Excerpt from article written for the Naval Postgraduate School, October 2012.

Why the Cold War Ended, according to current International Relations Theory.

October 2012.

        The answer to the question, “Why did the Cold War end?” is not a relatively simple one.  In the context of international relations, several theories can explain exactly why this course of events took place rather than any other course of events.  The realist theory suggests that the international community is in a state of anarchy and states solely exist to ensure survival and maximize power.  In the liberalist theory, democracy is spread; countries form economic bonds and international organizations, such as the United Nations, help keep the peace in the international community.  The individual actor theory states that certain leadership directs certain behavior for each state.  For instance, the Cold War would not have ended the way it did if someone other than Gorbachev was in power.  In the constructivist theory, or idealism, international relations is founded on shared values, culture, ideals, and social identities.

        The Cold War ended because the USSR was on the path to no longer having the economic and military means to sustain their empire.  Gorbachev recognized this fact and directed the Soviet Union toward a path that allowed this nation to bow out gracefully instead of fall flat on its face.  These different theories can offer an insight into the end of the Cold War, but the best theory to describe what happened is the Individual Actor theory.  This theory shows that Gorbachev was responsible for the policy and actions that led to the fall of the Soviet Union.  It was an intentional move done by a competent and intelligent man.  The end to the USSR would most likely not have happened in the manner it did if not for Gorbachev.  The theory least likely to describe the fall of the Soviet Union is the realist theory.  The Soviet Union did not eventually fall because they were trying to maximize power or keep the balance of power in the international community.  Instead, it purposefully bowed out of the international arena and moved toward a mode of self-defense rather than superiority.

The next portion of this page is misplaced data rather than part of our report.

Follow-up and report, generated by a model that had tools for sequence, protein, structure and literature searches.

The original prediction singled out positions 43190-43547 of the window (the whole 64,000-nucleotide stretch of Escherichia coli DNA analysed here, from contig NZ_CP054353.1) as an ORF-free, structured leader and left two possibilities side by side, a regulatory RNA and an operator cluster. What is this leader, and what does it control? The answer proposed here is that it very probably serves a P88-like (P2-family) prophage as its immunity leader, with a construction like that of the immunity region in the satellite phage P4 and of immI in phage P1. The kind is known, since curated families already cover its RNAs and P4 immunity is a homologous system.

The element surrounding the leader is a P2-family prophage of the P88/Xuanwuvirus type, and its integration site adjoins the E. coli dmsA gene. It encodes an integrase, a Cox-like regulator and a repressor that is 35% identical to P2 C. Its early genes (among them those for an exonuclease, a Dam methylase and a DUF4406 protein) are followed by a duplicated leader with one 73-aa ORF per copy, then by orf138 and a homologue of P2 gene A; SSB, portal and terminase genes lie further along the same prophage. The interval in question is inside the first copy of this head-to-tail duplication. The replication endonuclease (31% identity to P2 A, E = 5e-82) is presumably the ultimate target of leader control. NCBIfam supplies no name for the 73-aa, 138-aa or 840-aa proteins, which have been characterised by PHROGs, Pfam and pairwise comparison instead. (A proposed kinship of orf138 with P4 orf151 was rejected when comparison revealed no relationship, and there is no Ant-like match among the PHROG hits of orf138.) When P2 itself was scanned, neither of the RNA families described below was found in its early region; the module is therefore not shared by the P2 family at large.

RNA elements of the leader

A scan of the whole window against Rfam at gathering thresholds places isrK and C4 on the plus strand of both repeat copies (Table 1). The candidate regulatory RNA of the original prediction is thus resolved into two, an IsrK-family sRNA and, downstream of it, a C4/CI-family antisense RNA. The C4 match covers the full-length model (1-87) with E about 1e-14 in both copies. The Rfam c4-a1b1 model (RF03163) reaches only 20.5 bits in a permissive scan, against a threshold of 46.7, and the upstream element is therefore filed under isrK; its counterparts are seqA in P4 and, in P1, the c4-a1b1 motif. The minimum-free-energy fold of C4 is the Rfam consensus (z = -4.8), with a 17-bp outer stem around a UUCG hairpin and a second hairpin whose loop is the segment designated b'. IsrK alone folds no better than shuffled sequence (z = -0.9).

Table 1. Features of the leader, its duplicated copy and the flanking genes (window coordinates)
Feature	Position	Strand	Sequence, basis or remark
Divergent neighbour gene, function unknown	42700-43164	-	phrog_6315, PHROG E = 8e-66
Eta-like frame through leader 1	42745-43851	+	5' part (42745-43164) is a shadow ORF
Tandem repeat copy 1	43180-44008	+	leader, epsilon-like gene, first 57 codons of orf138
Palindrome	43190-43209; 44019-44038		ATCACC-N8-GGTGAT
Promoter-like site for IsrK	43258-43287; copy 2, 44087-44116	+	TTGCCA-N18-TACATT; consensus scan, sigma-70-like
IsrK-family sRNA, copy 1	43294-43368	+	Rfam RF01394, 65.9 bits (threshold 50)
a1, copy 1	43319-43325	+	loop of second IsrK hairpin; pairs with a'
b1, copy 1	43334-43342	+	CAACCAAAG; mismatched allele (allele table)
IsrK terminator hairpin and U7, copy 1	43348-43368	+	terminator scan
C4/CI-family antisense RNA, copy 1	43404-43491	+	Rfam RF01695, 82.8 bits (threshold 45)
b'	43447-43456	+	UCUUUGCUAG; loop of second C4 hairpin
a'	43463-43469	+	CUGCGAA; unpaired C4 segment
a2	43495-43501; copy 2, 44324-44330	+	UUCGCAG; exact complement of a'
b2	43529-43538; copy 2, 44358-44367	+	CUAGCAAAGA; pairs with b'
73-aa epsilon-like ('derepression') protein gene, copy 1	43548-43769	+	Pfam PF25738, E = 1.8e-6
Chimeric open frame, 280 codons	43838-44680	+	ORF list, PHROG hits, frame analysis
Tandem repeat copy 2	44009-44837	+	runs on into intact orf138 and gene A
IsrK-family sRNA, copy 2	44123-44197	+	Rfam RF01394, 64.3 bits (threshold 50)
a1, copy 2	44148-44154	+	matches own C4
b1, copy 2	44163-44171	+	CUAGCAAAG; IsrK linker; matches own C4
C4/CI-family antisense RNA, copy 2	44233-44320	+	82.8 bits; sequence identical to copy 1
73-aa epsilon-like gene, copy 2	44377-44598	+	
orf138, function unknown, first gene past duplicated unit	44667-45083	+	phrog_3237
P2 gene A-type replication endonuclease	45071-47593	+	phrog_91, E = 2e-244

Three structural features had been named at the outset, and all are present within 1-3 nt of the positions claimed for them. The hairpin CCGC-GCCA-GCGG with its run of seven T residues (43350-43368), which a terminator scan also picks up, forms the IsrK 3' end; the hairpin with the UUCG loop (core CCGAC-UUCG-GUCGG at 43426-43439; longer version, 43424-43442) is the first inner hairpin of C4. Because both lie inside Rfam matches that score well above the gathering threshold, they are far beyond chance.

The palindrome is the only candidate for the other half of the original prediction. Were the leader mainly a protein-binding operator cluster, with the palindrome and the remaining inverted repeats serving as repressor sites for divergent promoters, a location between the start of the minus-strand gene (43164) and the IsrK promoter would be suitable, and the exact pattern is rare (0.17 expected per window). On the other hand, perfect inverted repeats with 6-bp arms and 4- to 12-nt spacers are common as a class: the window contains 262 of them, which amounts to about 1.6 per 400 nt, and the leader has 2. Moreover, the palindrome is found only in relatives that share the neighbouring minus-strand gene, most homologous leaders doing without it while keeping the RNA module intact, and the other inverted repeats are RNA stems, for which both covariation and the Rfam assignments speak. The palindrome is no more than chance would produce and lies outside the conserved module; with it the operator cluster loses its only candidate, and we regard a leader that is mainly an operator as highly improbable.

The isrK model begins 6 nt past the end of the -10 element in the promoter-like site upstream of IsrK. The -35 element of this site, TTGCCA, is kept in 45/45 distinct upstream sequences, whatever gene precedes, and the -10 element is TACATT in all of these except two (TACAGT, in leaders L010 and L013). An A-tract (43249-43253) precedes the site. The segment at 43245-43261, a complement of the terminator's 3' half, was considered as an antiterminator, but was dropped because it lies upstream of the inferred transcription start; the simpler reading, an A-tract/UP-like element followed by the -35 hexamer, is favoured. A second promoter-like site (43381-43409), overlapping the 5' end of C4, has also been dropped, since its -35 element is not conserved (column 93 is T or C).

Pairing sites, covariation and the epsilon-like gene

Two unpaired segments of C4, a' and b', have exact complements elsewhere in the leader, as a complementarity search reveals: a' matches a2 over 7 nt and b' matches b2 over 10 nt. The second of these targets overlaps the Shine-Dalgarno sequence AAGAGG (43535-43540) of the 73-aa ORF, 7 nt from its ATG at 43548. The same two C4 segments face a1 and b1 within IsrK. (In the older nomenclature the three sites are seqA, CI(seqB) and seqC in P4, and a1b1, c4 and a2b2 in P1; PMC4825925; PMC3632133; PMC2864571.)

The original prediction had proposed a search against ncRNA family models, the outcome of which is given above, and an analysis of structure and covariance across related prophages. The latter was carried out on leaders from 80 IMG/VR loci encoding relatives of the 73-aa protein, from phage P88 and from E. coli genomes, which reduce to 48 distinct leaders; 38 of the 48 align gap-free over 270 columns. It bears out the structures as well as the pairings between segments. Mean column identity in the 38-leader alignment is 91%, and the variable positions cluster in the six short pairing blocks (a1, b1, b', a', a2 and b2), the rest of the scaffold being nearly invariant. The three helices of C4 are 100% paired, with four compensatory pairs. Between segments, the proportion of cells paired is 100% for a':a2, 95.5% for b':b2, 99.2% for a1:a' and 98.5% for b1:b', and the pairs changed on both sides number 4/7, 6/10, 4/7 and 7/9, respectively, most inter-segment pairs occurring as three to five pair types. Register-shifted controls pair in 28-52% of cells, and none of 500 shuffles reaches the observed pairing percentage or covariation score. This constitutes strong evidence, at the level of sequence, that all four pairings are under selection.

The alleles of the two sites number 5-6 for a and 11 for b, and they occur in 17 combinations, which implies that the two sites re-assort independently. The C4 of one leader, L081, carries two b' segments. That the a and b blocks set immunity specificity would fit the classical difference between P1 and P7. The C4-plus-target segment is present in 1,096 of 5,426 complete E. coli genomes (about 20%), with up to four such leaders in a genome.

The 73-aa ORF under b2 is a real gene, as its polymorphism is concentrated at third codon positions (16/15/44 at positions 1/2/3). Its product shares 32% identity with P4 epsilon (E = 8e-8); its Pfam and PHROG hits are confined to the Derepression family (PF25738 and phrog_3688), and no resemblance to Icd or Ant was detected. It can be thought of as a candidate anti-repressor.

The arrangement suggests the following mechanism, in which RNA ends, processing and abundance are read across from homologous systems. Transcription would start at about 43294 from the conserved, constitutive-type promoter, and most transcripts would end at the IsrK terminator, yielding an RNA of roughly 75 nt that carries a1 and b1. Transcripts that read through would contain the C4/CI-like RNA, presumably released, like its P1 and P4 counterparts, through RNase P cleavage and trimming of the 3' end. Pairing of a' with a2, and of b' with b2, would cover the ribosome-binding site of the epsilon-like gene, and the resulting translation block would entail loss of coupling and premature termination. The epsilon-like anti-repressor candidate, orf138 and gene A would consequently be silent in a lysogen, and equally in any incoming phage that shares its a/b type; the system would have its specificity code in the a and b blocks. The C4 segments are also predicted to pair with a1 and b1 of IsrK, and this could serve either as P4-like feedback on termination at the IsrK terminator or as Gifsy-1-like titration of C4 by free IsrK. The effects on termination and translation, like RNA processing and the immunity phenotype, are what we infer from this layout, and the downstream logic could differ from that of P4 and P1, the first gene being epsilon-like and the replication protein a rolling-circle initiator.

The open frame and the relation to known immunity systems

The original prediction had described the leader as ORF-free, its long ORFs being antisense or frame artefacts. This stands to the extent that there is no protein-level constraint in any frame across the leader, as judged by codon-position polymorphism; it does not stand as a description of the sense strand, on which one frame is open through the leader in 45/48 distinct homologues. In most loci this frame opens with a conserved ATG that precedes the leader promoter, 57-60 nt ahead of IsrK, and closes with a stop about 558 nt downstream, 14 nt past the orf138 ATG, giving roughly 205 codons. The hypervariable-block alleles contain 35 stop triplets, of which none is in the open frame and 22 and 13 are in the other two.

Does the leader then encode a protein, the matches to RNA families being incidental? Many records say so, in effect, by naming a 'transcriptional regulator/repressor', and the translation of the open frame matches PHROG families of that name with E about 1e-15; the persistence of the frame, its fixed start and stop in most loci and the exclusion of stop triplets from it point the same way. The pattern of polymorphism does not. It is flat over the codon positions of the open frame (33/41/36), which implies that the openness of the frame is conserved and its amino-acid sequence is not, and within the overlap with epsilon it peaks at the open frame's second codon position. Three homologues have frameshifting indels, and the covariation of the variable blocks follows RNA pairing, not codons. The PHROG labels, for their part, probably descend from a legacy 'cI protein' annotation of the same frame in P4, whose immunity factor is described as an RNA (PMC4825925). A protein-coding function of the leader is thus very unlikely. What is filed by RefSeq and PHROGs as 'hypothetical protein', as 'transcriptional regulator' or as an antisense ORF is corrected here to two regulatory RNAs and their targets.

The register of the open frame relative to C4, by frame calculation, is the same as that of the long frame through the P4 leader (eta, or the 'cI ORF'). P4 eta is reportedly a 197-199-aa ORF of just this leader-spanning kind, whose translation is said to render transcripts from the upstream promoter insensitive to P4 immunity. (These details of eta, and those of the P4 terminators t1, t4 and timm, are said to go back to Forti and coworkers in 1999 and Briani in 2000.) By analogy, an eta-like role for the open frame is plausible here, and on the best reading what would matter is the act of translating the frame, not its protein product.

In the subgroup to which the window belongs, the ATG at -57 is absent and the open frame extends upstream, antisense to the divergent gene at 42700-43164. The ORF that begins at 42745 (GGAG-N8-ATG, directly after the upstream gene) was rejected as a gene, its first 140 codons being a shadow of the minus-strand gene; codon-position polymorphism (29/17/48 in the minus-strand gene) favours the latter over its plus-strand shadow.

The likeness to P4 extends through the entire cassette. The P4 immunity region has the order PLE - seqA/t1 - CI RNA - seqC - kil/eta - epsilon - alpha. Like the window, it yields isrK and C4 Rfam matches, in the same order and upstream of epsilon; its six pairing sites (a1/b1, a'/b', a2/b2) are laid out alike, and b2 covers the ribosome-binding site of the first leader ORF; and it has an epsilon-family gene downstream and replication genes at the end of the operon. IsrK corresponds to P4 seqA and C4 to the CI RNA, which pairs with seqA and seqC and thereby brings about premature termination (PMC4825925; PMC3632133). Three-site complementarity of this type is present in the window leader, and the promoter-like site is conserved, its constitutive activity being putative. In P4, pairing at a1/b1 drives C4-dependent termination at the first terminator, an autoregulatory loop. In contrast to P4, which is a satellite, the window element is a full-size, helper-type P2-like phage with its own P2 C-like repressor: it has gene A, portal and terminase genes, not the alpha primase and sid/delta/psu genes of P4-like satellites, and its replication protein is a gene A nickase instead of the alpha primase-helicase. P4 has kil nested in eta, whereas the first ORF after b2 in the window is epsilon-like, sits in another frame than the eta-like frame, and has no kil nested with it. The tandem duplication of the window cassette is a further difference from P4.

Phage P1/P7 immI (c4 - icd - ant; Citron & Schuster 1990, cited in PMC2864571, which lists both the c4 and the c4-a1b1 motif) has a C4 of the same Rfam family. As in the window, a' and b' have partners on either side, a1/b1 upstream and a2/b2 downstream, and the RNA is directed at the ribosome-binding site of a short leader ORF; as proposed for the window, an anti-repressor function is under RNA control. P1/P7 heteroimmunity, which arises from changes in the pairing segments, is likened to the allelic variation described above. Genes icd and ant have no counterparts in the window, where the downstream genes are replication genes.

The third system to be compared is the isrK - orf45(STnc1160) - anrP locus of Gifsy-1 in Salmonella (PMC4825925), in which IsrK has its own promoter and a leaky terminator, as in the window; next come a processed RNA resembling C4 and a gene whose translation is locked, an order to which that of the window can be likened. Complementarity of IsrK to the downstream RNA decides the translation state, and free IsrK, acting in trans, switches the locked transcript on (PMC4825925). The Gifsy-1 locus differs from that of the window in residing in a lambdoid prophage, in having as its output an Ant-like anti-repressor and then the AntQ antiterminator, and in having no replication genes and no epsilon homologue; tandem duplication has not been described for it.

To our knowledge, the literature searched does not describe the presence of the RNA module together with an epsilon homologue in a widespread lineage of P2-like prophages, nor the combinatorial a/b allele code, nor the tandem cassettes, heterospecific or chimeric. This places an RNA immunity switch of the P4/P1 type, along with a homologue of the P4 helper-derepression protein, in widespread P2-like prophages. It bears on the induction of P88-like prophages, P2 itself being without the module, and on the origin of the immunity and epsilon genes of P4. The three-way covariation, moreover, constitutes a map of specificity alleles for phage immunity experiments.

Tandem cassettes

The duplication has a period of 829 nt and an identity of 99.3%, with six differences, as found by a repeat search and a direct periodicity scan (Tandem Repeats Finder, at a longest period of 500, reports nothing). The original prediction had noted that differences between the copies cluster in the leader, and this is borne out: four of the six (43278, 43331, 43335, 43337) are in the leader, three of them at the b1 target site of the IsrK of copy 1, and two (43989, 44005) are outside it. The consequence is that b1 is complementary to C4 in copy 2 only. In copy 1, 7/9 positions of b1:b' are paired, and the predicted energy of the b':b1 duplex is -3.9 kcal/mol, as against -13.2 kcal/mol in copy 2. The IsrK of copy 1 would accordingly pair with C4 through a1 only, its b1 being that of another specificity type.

III.  Individual Actor Theory

        The Individual Actor Theory offers the most insight into the end of the Cold War.   Without the leadership of Mikhail Gorbachev, the fall of the Soviet Union would not have occurred as peacefully or as smoothly as it did.  Gorbachev helped the Soviet Union transition into a stable state, that, although still had a weak economy, still possessed the infrastructure and the capability to function as a state.  Through his advisors and his inherent curiosity, Gorbachev was able to introduce policies that no other leader had done before him.  His open mind and thirst for knowledge helped Russia and the world see an end to the Cold War.

        The first facet of the influence that Gorbachev had was the roots of his office and advisors.  While Brezhnev grew up in the time of Stalin, Gorbachev and his advisors came to age during the thaw under Khrushchev.  This generational difference could be seen in many aspects of policy, but particularly foreign policy.  Stalin was an isolationist while those that grew up during the time of Khrushchev tended to be more on the liberal side.  They believed in peaceful coexistence and leaned toward western policy preferences.  In fact, there were many political scientists and theorists who were ostracized before Gorbachev came into power because of their western leanings.  When Gorbachev rose to power in 1985, he tapped the unrealized potential of these people to conduct studies for him.

        In 1979, after working in the provinces, Gorbachev became a member of the Politburo.  Immediately he asked experts to conduct studies for him in various affairs and policies so that he may better understand the working of the Soviet Union’s own policies.  No other member of the Politburo had done this before.  Then, in 1985 when became General Secretary, he immediately began to put policies into practice that were a dramatic shift from those that existed in the past.  One of the greatest changes was a shift from military superiority to defensive sufficiency.  Even before the budgetary crisis in 1988-9, when he was restrained by economic concerns, Gorbachev took the viewpoint that the USSR should be able to defend itself rather that having to be superior in all regards. [1]